DUI & DWI in Washington DC

Arrested for a DUI or DWI?

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The Sobering Statistics

According to the National Highway Traffic Safety Administration, in 2014 there were 23 traffic fatalities in the District of Columbia. 22% of those involved a blood alcohol concentration (BAC) of 0.08% or higher.

We've all seen these eye-opening statistics before, but it bears repeating here: Drunk driving kills. Each intoxicated person who gets behind the wheel takes into his hands not only his life, but the lives of everyone else he'll encounter on the road.

Always appoint a designated driver when you go out to social occasions where alcohol will be part of the festivities. Otherwise, simply calling a cab when you've had too much to drink will prevent trouble and heartache later.

In addition to the legal penalties outlined below, in the District of Columbia if you are stopped by an MPD officer and arrested for drunk driving (or driving under the influence of drugs), you will be assessed 12 points on your license. This means an automatic revocation of your driving privileges.

DUI/DWI Definitions

In Washington D.C. the amount of your BAC (blood alcohol concentration), age and type of license will determine if you are charged with driving under the influence (DUI) or driving while intoxicated (DWI). You can be arrested for:

  • DUI if your BAC is 0.07% or lower.
  • DWI if your BAC is 0.08% or higher.
  • DWI if you are under 21 years old with ANY measurable amount of alcohol*.
  • DWI if you have a CDL and your BAC is 0.04% or over.

In addition to a DUI or DWI charge you can be charged additional penalties, including mandatory jail time if you were driving with a minor in the vehicle, have a BAC of 0.20% or more, are under age and lied or used a false ID to buy alcohol or in possession or under the influence of drugs.

*It is illegal for anyone under 21 years old to consume, purchase or even be in possession of alcohol.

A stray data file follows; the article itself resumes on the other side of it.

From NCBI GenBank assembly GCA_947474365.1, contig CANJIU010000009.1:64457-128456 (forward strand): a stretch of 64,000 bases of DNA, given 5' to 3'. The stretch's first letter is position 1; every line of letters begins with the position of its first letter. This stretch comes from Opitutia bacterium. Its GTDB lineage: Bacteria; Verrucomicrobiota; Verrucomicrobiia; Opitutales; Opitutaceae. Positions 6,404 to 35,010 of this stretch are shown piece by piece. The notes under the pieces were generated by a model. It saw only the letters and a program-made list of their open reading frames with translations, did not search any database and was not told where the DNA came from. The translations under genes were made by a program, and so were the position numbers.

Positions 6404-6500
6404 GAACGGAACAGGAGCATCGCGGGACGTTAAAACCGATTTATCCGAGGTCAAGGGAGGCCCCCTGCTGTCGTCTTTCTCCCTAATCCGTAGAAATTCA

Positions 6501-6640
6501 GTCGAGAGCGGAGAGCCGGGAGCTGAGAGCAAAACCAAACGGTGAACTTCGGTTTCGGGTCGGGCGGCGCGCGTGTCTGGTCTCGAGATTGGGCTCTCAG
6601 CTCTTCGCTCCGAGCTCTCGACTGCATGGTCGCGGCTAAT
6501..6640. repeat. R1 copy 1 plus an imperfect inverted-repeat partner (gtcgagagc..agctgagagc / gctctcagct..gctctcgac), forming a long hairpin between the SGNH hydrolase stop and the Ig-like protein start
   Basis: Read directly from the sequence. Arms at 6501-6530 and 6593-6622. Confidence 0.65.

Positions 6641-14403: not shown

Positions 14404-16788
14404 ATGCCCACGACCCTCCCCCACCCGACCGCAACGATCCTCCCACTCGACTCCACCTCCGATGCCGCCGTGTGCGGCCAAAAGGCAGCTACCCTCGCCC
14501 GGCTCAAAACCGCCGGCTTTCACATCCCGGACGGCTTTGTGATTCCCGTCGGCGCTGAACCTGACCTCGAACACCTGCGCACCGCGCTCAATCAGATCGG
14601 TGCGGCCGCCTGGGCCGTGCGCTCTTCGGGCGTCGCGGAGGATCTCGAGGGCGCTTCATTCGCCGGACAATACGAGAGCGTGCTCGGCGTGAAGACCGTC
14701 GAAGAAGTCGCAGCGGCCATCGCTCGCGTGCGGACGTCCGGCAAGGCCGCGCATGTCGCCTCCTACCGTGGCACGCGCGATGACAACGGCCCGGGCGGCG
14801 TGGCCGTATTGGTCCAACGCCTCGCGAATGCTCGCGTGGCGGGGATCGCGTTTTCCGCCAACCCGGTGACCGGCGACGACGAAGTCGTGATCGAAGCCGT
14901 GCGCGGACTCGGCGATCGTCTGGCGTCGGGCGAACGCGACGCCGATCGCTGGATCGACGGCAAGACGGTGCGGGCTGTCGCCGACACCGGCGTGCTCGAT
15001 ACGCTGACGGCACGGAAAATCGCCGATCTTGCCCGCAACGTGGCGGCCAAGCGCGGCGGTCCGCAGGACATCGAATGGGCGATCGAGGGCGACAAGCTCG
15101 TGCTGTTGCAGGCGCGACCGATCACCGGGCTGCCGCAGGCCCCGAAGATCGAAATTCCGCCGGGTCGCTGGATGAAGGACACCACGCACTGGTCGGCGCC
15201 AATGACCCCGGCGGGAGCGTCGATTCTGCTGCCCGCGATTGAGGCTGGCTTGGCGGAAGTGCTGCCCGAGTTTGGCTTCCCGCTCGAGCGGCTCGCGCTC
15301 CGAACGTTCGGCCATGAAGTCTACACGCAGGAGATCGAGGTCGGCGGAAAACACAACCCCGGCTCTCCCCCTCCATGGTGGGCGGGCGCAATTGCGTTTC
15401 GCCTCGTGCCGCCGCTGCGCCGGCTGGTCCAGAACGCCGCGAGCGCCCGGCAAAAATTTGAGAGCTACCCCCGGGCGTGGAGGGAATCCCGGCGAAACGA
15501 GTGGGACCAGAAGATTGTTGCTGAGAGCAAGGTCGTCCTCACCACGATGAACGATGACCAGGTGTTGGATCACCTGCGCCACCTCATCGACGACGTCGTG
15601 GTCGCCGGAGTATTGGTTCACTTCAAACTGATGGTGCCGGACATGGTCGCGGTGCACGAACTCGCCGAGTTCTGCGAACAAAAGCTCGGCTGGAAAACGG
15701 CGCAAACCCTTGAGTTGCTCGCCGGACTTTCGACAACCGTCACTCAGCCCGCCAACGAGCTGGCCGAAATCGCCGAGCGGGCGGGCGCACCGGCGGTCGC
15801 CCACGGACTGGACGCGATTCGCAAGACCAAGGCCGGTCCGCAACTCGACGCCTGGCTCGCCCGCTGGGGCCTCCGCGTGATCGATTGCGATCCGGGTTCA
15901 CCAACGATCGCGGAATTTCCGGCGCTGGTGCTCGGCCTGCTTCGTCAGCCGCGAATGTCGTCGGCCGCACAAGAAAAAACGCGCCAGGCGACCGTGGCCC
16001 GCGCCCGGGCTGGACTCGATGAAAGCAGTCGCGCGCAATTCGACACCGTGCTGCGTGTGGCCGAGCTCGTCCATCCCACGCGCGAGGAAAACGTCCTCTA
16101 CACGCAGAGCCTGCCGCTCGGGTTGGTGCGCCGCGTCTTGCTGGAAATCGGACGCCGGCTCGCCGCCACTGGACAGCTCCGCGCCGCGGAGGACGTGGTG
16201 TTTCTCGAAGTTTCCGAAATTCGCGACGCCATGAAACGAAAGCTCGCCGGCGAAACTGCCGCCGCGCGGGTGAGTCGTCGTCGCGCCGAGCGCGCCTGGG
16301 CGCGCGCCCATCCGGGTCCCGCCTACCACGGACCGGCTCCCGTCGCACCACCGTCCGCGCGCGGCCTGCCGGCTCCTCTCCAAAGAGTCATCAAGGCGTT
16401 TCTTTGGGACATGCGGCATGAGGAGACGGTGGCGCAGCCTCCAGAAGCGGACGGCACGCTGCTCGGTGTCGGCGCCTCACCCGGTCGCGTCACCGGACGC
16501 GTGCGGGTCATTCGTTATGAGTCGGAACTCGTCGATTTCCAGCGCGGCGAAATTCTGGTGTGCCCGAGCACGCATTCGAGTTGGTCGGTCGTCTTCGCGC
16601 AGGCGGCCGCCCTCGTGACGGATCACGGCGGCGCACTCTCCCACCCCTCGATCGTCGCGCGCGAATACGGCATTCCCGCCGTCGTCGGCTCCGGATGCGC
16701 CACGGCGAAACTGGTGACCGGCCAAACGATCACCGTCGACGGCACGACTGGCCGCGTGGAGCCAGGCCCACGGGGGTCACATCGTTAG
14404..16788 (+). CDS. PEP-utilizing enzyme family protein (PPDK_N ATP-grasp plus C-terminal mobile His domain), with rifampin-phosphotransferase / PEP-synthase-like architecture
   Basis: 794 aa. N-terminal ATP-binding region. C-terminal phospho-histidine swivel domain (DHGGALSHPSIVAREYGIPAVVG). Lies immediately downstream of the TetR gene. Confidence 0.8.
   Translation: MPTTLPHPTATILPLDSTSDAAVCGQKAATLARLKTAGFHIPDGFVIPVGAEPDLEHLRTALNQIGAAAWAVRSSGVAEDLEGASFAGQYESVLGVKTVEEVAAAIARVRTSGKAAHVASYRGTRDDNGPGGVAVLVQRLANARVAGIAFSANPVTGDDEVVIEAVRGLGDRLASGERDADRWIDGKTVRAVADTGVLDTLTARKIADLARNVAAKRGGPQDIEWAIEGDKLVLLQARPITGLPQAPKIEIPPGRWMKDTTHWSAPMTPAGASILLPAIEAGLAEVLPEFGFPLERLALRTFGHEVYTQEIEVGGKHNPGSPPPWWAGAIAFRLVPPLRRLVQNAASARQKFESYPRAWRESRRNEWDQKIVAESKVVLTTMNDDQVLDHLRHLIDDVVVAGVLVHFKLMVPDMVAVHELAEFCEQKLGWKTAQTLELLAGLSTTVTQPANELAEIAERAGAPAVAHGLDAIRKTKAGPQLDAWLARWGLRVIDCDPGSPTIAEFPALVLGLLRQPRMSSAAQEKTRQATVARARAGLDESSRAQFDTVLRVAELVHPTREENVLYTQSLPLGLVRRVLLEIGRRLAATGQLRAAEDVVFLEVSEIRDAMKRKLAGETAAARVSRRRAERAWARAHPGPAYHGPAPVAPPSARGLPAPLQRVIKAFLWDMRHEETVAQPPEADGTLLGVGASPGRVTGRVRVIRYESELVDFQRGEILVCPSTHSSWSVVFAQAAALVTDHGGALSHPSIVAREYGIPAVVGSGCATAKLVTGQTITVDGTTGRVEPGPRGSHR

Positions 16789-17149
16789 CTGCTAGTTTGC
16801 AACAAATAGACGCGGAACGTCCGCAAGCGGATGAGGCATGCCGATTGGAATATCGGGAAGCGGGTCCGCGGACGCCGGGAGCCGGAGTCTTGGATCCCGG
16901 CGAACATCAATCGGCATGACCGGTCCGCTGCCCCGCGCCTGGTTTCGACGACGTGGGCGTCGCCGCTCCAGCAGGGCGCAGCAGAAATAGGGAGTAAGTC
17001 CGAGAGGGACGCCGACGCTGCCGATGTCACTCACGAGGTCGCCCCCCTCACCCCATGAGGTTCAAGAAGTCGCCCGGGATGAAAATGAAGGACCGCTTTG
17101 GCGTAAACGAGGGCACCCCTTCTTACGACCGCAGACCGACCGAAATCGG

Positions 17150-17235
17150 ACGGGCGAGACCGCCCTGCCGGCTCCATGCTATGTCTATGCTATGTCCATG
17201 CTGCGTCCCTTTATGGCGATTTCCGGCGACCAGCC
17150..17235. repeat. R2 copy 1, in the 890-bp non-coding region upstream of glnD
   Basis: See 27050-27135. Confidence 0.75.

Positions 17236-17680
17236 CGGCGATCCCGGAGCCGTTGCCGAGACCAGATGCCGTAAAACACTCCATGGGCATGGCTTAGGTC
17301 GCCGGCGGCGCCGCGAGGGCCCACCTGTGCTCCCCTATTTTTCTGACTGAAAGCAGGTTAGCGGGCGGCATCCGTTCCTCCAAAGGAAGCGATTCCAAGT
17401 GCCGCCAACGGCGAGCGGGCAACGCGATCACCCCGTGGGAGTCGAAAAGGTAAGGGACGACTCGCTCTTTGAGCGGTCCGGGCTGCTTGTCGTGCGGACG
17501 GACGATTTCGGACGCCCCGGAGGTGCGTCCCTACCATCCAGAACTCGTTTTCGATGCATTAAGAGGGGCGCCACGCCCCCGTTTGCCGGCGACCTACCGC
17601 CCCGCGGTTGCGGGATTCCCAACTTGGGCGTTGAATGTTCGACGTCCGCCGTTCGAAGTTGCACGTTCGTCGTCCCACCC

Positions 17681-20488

DUI/DWI Penalties

In the District of Columbia you will be faced with both criminal and civil penalties for driving under the influence or driving while intoxicated (DUI/DWI).

The civil penalties are known as Administrative Per Se and are carried out by the Department of Motor Vehicles. The other penalties are the criminal ones, which are handled by the local courts.

Implied Consent

Implied consent is exactly what it sounds like - if you drive a vehicle in D.C. you are saying you will submit to a chemical test for drugs and/or alcohol if asked to do so by an officer of the law. Because of the implied consent laws refusing to take a chemical test will automatically get your license suspended for 12 months by the Department of Motor Vehicles. If you do not have a license then you will be denied the ability to apply for one for 12 months.

Administrative Penalties

The minute you are arrested for DUI/DWI the Department of Motor Vehicles will take action to suspend your license. This is an Administrative Per Se suspension and is completely separate from any actions the court may take. The arresting officer will give you a Order of Proposed Revocation and your license will be suspended for:

1st offense: minimum 6 months.
2nd offense: minimum 2 years.
3rd and subsequent offenses: minimum 3 years.

Once you are given the Order of Proposed Revocation you will need to schedule a permit hearing within 10 calendar days if you are a DC resident or within 15 calendar days if you are not a resident. This hearing will determine if you may be allowed to keep your license. The hearing must be scheduled by contacting DC DMV Adjudication Services either by mail or by calling (202) 737-4404. You can find out more about permit hearings and applying for a Limited Occupational License by visiting the DC DMV website.

Criminal Penalties

Washington D.C does not mess around when it comes to punishing those who drink and drive. The penalties are stiff and expensive. If you are convicted of a DUI or DWI you will be facing:

1st offense

  • Maximum imprisonment: 180 days.
  • Fine: $1,000.
BAC over 0.20% has additional penalty of 10 to 20 days in jail.

2nd offense

  • Mandatory imprisonment: 10 days.
  • Maximum imprisonment: 1 year.
  • Fine: $2,500 to $5,000.
BAC over 0.20% OR refusing a chemical test has additional penalty of 10 to 35 days in jail.

3rd offense

  • Mandatory imprisonment: 12 days.
  • Maximum imprisonment: 1 year.
  • Fine: $2,500 to $10,000.
BAC over 0.20% OR refusing a chemical test has additional penalty of 45 to 75 days in jail AND 30 days added for each offense.

4th and subsequent offenses

  • Mandatory imprisonment: 45 days with possible additional 30 days per offense.
  • Maximum imprisonment: 1 year.
  • Fine: $2,500 to $10,000.
BAC over 0.20% OR refusing a chemical test has additional penalty of 45 to 75 days in jail AND 30 days added for each offense.

License Reinstatement

To get your license reinstated after a suspension you must apply for a brand-new license―and only after a hearing has been held to determine whether you are eligible to be allowed back behind the wheel.

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